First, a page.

"WHILE there's life, there's hope." Probably every English speaking person has used or at least heard that expression at some time. Not one in a hundred, or even in a thousand, very likely, knows that it first saw the light of day in the works of the Roman dramatist posterity knows simply as Terence. It is only one of dozens of similar quotations, so familiar as to have become proverbial, all of which first heard on the Roman stage.
The Roman comedy writer, Terence, was of African descent. He was brought to Rome as a slave by the Roman Senator, Terentius Lucanus, who gave him a good education and finally freed him. The success of his first play, staged in 166 B.C. gave him the opportunity of introduction into the most refined society in Rome. Here his engaging manners and accomplishments made him a prime favorite.
Terence's dramatic work was of two kinds: fairly close translations of the later Greek comedy writers, especially Menander; and "contaminations" which is the term used in referring to an amalgamation of all or parts of two or more Greek dramas into a Romanized whole. By some happy chance six of Terence's comedies were preserved through the Dark Ages and later were studied by some of the greatest playwrights, particularly by Molière. The extant plays are: Andria, Hecyra, Heautontimoroumenos, Eunuchus, Phormio, and Adelphi. The latter play, probably a sort of rehash of both Diphilus and Menander, is best known.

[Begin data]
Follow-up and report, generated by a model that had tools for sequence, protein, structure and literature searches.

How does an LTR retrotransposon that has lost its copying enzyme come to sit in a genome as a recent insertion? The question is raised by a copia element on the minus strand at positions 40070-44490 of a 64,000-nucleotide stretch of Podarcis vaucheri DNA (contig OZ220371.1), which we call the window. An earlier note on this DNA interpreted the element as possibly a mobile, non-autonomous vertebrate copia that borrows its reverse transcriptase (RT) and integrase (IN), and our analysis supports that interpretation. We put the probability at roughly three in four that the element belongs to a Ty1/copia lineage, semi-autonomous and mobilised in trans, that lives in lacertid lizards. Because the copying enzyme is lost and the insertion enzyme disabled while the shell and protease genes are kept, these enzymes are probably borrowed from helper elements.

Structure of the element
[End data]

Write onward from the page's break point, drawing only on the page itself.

Since Plautus and Terence are practically the only Roman dramatists, if one excepts the "closet" dramas of Seneca, it is natural that the work of the two should be rather critically compared. Terence is undoubtedly inferior to Plautus in comic power. The swift-moving action and vigor of Plautine comedies, too, are lacking in the plays of Terence. He is, however, more than a match for his predecessor in consistency of plot and characterization. "Plautus was the practical playwright; Terence, the elegant literary craftsmen."  Plautus was the playwright of the masses; Terence, of the classes.
In 158 B.C. Terence departed on a trip to Greece to study the comedies of Menander, Diphilus and Apollodorus against their native background. He never returned and tradition says he was drowned.
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